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Toulmin Model

Page history last edited by Don Pogreba 12 years ago

Toulmin developed his theory of argumentation because of what he viewed as an inherent problem with formal logic. Put simply, Toulmin recognized what every person should already know: Real people do not argue in syllogisms. You may remember from a philosophy class that a syllogism is a form of logical argument. According to rules of logic, if an audience accepts both the major and minor premises of a syllogism, they must accept the conclusions. For instance, many people are familiar with the following example of a syllogism:

  • Major Premise: All men are mortal,
  • Minor Premise: Socrates was a man,
  • Conclusion: Socrates is mortal.


Toulmin realized that this form of argumentation is not what one encounters when listening to a public speech, arguing with a roommate about what music to listen to, or talking politics at a bar. Consequently, Toulmin developed his theory in order to explain how argumentation occurs in the natural process of everyday argument. Consequently, Toulmin wanted to explain how real people (not philosophers) argue.

Although Toulmin's position on formal logic -- that formal rules of logic do not fit well with common practices of argument -- may seem obvious, one must remember the time period in which Toulmin developed his theory. Students of public speaking, rhetoric, and logic were only taught formal logic. Using a contemporary example to illustrate: Students were taught how to program a computer before they were taught how to click a mouse. When one recognizes the traditions of the time period, Toulmin's theory of argument seems even more revolutionary.


The Toulmin Model of Argument-Basics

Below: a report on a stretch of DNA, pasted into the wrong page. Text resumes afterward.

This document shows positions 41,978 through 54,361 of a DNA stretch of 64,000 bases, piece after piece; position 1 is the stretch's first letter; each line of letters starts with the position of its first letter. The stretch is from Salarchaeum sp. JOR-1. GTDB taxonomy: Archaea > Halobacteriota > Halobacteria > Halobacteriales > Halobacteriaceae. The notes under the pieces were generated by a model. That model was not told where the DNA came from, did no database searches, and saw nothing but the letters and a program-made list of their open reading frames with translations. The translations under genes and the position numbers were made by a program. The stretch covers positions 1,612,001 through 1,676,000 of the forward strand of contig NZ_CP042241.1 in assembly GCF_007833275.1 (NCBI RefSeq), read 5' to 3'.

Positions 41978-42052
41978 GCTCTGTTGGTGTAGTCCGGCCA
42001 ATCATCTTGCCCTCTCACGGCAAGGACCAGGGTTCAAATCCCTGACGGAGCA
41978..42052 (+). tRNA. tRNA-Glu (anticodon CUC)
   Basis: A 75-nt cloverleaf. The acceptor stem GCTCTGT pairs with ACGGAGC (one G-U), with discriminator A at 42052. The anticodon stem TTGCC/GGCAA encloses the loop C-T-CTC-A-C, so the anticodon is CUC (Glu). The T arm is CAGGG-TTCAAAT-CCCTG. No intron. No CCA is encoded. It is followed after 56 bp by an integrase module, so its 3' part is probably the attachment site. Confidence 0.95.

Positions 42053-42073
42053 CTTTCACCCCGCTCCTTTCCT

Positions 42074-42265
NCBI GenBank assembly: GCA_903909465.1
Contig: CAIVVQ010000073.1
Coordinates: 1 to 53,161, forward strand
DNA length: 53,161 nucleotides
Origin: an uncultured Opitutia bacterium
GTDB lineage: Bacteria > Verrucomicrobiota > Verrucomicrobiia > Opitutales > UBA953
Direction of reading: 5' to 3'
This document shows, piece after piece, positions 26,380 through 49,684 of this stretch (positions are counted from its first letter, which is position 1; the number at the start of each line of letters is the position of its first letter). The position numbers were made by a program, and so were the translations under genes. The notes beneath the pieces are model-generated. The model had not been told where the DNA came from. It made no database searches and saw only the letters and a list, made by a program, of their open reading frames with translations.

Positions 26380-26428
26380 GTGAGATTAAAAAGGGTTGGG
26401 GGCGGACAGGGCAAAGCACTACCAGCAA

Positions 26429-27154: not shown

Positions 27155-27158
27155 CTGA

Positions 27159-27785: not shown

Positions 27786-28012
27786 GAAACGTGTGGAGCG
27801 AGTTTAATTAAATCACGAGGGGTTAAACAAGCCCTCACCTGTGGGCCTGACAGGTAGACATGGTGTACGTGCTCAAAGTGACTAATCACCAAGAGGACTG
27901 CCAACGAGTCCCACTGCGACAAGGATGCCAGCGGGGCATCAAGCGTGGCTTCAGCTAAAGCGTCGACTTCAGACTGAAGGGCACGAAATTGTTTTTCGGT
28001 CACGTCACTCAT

Think of the claim in an argument as the most general statement in the argument. It may not be a particularly general statement all by itself, and some claims for arguments are very narrow. But the claim in an argument is like the umbrella statement that all other parts of an argument have to fall under. If a reason (or evidence) doesn't fall under the umbrella of the claim, then it’s irrelevant.



These are the assumptions or presuppositions underlying the argument. Warrants are generally accepted beliefs and values, common ways our culture or society views things; because they are so commonplace, warrants are almost always unstated and implied. The author and audience may either share these beliefs, or the author’s warrants may be in conflict with audience’s generally held beliefs and cultural norms and values. Warrants are important because they are the "common ground" of author and audience; shared warrants invite the audience to participate by unconsciously supplying part of the argument. Warrants are also important because they provide the underlying reasons linking the claim and the support. You can infer the warrants by asking, "What’s causing the author to say the things s/he does‌" or "Where’s the author coming from‌"



Data is the information that generates the claim in theory. More often, it is searched for after the claim is provided.

  • “the evidence, facts, data, and information that are the reason for the claim in the first place- a reasoned beginning” (Ross, 1985).
  • Data is significant because it establishes the basis of the argument. In effect, the data is the starting point from which all sound arguments must begin.
  • Types of Data: Anecdotal, Testimony, Statistics



The Rebuttal (or Reservation) is an exception to the claim presented by the arguer. In Toulmin’s model, arguments are not considered to be true without analysis. The rebuttal demonstrates how arguments can be strengthened (and made more correct) by acknowledging the limits of the argument.



The Qualifier is recognition of the rebuttal. After analyzing one’s argument and acknowledging its limits, the rhetor should signify his/her new statement with the qualifier statement. Qualifiers are often words like

  • Except
  • Unless
  • Other than

The Toulmin model is both a method of analyzing the argument of others and developing the soundness of one’s own argument. A useful technique to develop sound argument is to run one’s argument through the model until the claim is true.



Additional Resources

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